The Telecom Regulatory Authority of India (Trai) has issued a consultation paper seeking views of stakeholders on a New Telecom Policy, which is slated to be announced by March this year.
The consultation paper circulated by Trai on Wednesday suggests the main objectives of the NTP-2018 is to give a boost to the country's electronics manufacturing base, which could attract investment equivalent to $100 billion in the communication sector alone.
Besides, the new telecom policy aims at achieving 900 million broadband connections at a minimum download speed of 2 Mbps, develop 10 million public Wi-Fi hotspots in the country and catapult India into the top-50 nations in terms of network readiness.
''Through the present consultation paper, the Authority intends to seek views of stakeholders on the inputs for formulating National Telecom Policy 2018,'' Trai said. Trai said the inputs have been prepared based on preliminary discussions with multiple stakeholders, including telecom operators, equipment manufacturers, industry bodies, and cloud-service providers.
The policy also aims at increasing rural tele-density to 100 per cent, providing data connectivity of at least 1 Gbps speed to all gram panchayats, and enabling access to high-quality wireless broadband services at affordable prices to 90 per cent of the population.
NTP-2018 can have twin goals - facilitate development of communication infrastructure and services to achieve inclusive socio-economic growth in the country; and to propel India to become the frontrunner in the 'fourth industrial revolution,' Trai said.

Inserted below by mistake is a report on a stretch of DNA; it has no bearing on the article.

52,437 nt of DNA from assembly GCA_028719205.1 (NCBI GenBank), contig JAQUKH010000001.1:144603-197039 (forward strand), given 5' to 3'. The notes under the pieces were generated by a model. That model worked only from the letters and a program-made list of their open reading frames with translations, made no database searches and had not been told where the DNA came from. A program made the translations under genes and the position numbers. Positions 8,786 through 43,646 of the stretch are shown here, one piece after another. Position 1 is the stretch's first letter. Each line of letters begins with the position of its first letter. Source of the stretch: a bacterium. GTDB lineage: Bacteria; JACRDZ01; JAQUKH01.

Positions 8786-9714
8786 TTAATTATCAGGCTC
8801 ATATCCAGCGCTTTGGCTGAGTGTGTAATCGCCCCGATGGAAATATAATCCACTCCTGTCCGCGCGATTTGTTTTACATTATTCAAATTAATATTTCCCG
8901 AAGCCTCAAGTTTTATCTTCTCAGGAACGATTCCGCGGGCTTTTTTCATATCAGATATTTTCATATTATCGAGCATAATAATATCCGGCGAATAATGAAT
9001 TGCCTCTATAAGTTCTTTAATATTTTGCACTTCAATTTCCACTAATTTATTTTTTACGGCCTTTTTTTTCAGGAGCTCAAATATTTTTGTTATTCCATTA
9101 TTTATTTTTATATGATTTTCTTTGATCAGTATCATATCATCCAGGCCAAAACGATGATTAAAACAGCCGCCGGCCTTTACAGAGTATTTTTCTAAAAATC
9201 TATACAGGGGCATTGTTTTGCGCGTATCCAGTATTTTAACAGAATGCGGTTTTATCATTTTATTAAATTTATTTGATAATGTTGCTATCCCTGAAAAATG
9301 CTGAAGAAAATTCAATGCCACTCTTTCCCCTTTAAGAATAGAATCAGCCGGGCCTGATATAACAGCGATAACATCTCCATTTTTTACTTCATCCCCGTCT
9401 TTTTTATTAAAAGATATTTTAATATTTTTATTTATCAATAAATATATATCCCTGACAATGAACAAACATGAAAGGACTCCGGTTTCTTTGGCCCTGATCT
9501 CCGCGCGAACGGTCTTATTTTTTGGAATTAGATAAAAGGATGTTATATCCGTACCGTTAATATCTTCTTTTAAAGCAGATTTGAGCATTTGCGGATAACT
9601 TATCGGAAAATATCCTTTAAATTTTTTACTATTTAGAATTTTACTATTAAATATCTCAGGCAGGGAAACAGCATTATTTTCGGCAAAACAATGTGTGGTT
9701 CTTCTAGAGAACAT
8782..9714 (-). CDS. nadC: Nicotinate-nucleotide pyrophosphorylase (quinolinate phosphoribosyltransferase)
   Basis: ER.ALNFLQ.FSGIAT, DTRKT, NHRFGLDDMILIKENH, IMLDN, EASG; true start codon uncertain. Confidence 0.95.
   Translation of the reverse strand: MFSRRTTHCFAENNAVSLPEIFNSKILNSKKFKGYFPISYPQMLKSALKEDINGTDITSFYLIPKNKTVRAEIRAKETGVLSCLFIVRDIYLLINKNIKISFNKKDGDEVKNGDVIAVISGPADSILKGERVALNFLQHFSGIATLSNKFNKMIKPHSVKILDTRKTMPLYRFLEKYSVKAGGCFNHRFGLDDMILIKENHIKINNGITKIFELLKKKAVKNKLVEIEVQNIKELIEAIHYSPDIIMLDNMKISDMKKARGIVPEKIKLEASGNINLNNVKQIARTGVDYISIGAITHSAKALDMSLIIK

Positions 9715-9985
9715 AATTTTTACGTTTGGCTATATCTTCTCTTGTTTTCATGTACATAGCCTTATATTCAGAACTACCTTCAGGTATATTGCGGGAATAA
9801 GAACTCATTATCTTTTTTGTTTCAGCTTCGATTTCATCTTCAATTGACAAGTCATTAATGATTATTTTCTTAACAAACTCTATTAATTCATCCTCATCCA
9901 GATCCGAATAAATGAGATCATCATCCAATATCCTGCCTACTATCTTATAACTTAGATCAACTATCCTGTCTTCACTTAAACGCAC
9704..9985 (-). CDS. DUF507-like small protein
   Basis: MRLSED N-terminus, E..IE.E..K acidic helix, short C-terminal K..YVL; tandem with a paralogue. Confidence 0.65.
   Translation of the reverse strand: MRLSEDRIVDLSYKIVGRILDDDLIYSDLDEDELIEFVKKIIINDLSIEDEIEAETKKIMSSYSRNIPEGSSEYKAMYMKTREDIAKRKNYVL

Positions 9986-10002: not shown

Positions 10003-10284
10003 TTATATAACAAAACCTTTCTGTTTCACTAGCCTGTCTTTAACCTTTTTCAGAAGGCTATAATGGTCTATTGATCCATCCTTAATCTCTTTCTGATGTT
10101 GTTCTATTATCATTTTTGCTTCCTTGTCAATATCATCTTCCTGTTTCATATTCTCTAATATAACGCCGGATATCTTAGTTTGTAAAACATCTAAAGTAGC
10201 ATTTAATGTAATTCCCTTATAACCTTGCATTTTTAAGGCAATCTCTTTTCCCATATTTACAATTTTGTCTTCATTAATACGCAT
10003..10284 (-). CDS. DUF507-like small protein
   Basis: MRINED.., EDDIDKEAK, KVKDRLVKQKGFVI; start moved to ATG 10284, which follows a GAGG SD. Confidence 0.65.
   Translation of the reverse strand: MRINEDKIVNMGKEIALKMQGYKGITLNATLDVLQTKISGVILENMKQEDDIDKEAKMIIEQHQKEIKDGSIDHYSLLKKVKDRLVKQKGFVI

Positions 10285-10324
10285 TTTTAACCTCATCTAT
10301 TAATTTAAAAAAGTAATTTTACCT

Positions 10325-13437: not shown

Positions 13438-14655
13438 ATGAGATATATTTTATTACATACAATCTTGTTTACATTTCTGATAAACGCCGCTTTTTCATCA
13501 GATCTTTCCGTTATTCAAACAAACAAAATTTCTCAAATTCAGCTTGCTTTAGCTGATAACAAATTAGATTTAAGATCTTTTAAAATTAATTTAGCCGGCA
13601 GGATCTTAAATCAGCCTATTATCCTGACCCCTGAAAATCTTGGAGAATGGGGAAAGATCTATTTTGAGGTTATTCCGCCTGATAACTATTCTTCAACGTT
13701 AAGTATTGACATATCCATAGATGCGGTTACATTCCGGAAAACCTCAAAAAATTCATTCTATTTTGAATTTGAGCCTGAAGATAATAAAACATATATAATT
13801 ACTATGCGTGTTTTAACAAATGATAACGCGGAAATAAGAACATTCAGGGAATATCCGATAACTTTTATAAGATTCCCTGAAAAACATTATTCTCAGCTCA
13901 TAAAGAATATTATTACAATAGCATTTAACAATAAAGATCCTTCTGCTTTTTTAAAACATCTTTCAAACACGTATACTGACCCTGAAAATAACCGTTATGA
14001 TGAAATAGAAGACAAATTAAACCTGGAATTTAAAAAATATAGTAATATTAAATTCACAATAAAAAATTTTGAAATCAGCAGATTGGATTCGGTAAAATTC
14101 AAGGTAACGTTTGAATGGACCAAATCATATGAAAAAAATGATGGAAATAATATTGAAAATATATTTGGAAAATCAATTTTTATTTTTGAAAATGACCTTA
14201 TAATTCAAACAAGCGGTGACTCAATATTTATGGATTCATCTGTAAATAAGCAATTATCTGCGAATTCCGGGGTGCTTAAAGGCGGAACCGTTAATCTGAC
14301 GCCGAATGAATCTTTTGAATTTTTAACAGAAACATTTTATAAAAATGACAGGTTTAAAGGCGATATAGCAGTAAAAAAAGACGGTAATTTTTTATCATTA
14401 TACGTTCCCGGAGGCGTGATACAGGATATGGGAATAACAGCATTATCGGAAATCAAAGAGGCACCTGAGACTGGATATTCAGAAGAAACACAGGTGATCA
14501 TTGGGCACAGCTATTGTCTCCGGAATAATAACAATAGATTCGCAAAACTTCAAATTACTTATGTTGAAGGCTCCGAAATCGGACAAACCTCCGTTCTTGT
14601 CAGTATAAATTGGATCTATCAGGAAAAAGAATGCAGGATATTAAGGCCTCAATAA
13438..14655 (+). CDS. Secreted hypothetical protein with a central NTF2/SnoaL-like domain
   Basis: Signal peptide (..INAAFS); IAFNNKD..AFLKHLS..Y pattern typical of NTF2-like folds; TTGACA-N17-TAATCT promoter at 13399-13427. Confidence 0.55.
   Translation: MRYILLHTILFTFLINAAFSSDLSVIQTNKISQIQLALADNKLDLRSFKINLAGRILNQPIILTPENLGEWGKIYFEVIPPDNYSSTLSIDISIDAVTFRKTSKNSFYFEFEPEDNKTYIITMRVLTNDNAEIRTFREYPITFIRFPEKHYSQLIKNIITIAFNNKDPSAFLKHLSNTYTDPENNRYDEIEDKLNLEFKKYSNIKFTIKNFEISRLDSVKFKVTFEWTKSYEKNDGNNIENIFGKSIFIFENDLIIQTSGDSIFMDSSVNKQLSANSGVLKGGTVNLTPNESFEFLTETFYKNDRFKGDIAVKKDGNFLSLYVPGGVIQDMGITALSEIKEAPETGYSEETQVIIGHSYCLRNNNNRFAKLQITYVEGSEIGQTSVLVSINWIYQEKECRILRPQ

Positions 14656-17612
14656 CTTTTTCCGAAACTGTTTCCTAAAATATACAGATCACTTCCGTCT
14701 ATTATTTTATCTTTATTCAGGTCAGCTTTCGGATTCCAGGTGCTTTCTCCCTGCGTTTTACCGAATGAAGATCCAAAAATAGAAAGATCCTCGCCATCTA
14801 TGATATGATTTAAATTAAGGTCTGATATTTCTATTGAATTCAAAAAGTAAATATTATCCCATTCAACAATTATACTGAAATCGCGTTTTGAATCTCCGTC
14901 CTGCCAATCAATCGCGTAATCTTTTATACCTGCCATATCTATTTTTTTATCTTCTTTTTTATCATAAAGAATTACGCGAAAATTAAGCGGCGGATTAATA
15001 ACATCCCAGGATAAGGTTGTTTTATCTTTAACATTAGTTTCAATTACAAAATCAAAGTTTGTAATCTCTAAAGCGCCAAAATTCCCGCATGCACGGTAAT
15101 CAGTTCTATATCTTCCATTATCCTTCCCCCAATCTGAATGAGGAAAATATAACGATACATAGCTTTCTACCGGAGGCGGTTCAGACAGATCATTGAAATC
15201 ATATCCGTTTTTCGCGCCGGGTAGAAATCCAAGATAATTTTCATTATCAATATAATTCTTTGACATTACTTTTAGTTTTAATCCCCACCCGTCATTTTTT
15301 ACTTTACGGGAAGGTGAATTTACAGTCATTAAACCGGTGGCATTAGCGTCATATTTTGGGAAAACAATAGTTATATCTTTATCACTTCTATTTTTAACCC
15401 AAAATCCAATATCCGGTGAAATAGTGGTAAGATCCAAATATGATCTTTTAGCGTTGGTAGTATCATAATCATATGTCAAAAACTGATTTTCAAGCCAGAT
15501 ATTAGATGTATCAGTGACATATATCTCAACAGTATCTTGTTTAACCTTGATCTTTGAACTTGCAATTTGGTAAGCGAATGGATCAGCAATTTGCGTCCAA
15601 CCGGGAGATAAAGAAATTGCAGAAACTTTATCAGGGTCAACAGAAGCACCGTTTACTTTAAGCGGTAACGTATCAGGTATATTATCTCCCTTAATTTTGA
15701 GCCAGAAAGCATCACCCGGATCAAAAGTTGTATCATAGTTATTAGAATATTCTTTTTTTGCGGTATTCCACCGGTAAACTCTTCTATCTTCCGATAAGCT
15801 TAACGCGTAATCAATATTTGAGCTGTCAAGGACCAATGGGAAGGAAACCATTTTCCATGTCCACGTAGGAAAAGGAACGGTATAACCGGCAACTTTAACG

To establish India as a global hub for data communication, systems and services, Trai has suggested prescribing licensing and regulatory framework for cloud-service providers; declaring data privacy, protection, and security laws; prescribing policy for cross-border data transfer; enacting net-neutrality laws; and incentivising setting up of International Data Centres in India.
Trai has requested the stakeholders to give their written comments by 19 January. It has also asked for their views on any other issue related to policy framework, which stakeholders feel is important for the growth of the telecom sector, along with justification.
The Trai draft comes in the backdrop of telecom department setting up multiple working groups on the broad themes of the new policy which would focus on reviewing regulatory and licensing frameworks impacting the telecom sector, connectivity-for-all, quality of services, ease of doing business, and absorption of new technologies including 5G and Internet of Things or IoT.
For the roll-out of 5G, the government formed a panel in September to devise strategies for early deployment of the technology in India. The panel, which has representations from the industry, government and academia, aims to develop a competitive product portfolio for 5G with an objective of targeting 50 per cent of the Indian market and 10 per cent of global market over the next seven years.
5G is the next generation wireless access technology. It not only promises higher data capacity and speeds faster than 10GB per second but also possesses the capacity to connect billions of devices. According to industry estimates, 5G will also bring down the cost of transmitting packets of data on the network to one-tenth of that on a 4G network.
The technology is also expected to trigger progress across usages such as autonomous cars, apart from IoT.